Dawit II

Orfeas Katsoulis | Nov 11, 2022

Table of Content


Lybne Dyngyl (ዳዊት, Dauit, throne name Ueneg Seged, meaning in Gyyz and Harari language the one to whom the lions bow) (born around 1497 in Debre Dammo - died September 2, 1540 near Debre Dammo) - emperor of Ethiopia from 1508 to 1540. He was from the Salomonic dynasty.

Lybne Dyngyl assumed power after the death of his father, Emperor Naod, which took place on August 2, 1508. It is said that when Lybne Dyngyl was eight years old and learned that he would spend his next years on Mount Amba Gyszien, where members of the imperial family were traditionally imprisoned, he wept, which was supposed to have moved Naod to suspend the custom. As a result, Lybne Dyngyl was able to quickly succeed his father, but initially his power was li only nominal. He was ruled in his name in the early years by Empress Helena, his mother Naod Mogesa, and the negash of Godjam Uesen Seged. Around 1516, the emir of the Adal Mahfuz sultanate attacked the border areas of Ethiopia. Despite the firearms supplied to the Muslims by the Turks, Lybne Dyngyl claimed victory over Mahfuz. The battle was settled by a duel between the monk Gebre Yndryjas and Muhfuz himself, in which the latter suffered death. The armies of Ethiopia's enemies were driven back into the Adal, which was later to be the last victory of the Ethiopians for several decades to come. The young emperor, oblivious to the warnings of the monks, initially led a carefree life, cohabiting with concubines, adopting the custom of smoking tobacco, and holding knightly tournaments.

During the reign of Lybne Dyngyla, the first contacts between Ethiopia and European countries took place. The initiator of this idea was Empress Helena. In 1509 or 1510, she sent an envoy of Armenian origin named Matthew to the court of the Kingdom of Portugal. With the help of the Portuguese fleet, Helena wanted to win over the Muslim sultanate on the Red Sea coast. Helena's plans also included the colligation of the Solomonic dynasty with the ruling family of Portugal. In 1518, King Manuel I Lucky of Portugal, in consultation with Pope Leo X, sent a diplomatic mission. The envoys met with Lybne Dyngyle in 1520, but the emperor was not pleased with their arrival, as he had hoped more for military assistance. He was probably not as enthusiastic about cooperating with Europe in a possible coalition against the Muslims as Helena was. After six years, the Portuguese diplomatic mission returned to Europe with a golden crown for John III the Good and Pope Clement VII. Along with the Portuguese envoys also sailed the Ethiopian ones, sent by the emperor to Europe. The mission failed, as neither side followed up. Lybne Dyngyl did not attach much importance to help from Europeans, too confident in his own strength. He believed that gold, Ethiopian military support from the mainland, and acquiescence in the seizure of some Red Sea ports were the right price for the Portuguese king to send his fleet. The emperor's views were to be revised only by the near annihilation of the country fifteen years later.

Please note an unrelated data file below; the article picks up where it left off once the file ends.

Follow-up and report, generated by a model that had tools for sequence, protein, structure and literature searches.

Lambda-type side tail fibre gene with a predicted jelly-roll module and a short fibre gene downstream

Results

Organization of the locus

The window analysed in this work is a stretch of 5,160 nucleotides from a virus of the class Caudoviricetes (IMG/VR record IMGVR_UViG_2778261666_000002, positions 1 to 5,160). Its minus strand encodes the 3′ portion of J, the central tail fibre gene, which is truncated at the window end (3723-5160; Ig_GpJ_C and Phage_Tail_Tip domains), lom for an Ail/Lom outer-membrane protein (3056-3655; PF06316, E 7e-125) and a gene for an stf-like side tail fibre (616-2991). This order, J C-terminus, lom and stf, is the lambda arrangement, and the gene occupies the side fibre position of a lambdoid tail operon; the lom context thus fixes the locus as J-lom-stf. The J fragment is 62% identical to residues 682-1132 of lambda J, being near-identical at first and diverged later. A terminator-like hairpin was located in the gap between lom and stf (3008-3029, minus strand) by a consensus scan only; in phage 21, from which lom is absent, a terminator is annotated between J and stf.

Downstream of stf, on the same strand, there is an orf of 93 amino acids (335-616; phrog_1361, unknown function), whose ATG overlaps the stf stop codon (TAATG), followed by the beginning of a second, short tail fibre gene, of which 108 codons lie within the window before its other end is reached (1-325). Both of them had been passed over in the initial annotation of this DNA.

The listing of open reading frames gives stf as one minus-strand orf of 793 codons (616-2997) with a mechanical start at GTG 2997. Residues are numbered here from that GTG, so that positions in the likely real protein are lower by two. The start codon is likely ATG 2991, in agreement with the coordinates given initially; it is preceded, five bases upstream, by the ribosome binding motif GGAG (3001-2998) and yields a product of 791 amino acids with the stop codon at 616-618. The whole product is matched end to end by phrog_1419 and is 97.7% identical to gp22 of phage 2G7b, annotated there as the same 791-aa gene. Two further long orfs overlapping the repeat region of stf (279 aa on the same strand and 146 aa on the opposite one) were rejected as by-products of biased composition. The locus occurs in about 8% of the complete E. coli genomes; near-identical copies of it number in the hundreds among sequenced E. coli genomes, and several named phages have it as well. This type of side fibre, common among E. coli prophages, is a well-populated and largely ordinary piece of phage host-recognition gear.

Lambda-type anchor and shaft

First fights

Good relations between Ethiopia and Adal, which lasted for several years, ended when the sultanate was headed by military commander Ahmad ibn Ibrihim al-Ghazi, referred to in Ethiopian sources as Imam Graniem because of his left-handedness. He killed the reigning sultan and installed his own puppet ruler in that position. The imam broke off peaceful relations with the empire and began to raise an army against it. Lybne Dyngyl, wanting to get ahead of the enemy's movements, sent his troops to the Adal border around 1525, but was defeated. An expedition sent in 1526, or 1527, led by the emperor's brother-in-law and the rasa chief Degelhan, ended similarly. After a six-day battle, Degelhal lost. After two victories, imam Grań went on the offensive and organized a looting expedition to the Ethiopian province of Ifat. Three corps of Muslim troops plundered Ifat and returned to Adal with captured cattle and slaves. Still this time the Muslims, led by Grania, retreated from Ethiopia. Their tactics were soon to change under the influence of Grania's political ambitions.

The start of a holy war

In time, the imam of Grań began to call on neighboring barbarian peoples for a "holy war," or jihad against Ethiopia. Representatives of nomadic tribes from the areas of present-day Somalia and the Afars turned out to answer the ruler's call. The mighty Grania army crossed the Auash River and marched toward the village of Baduka, where the emperor had his residence. When Lybne Dyngyl learned of the enemy's plans, he gathered troops from all over Ethiopia. The first battle took place at the Semerma River, where the emperor's more numerous and better-trained regular army fought the Muslims against Lybne Dyngyl's orders. Despite the advantage resulting from the participation of Somalis unaccustomed to regular battles and accustomed primarily to loot expeditions on the side of Imam Grania, the emperor's army suffered defeat. The next battle took place in February or March 1529 at Shinbura Kurie, where Imam Grania was again victorious. After recuperating, Muslim troops mounted a plunder expedition in June of that year into the provinces of Deuaro and Bali, when some of the magnates did not even put up a fight in exchange for the promise of being spared their lands by the attackers.

Grania's expedition deep into Ethiopia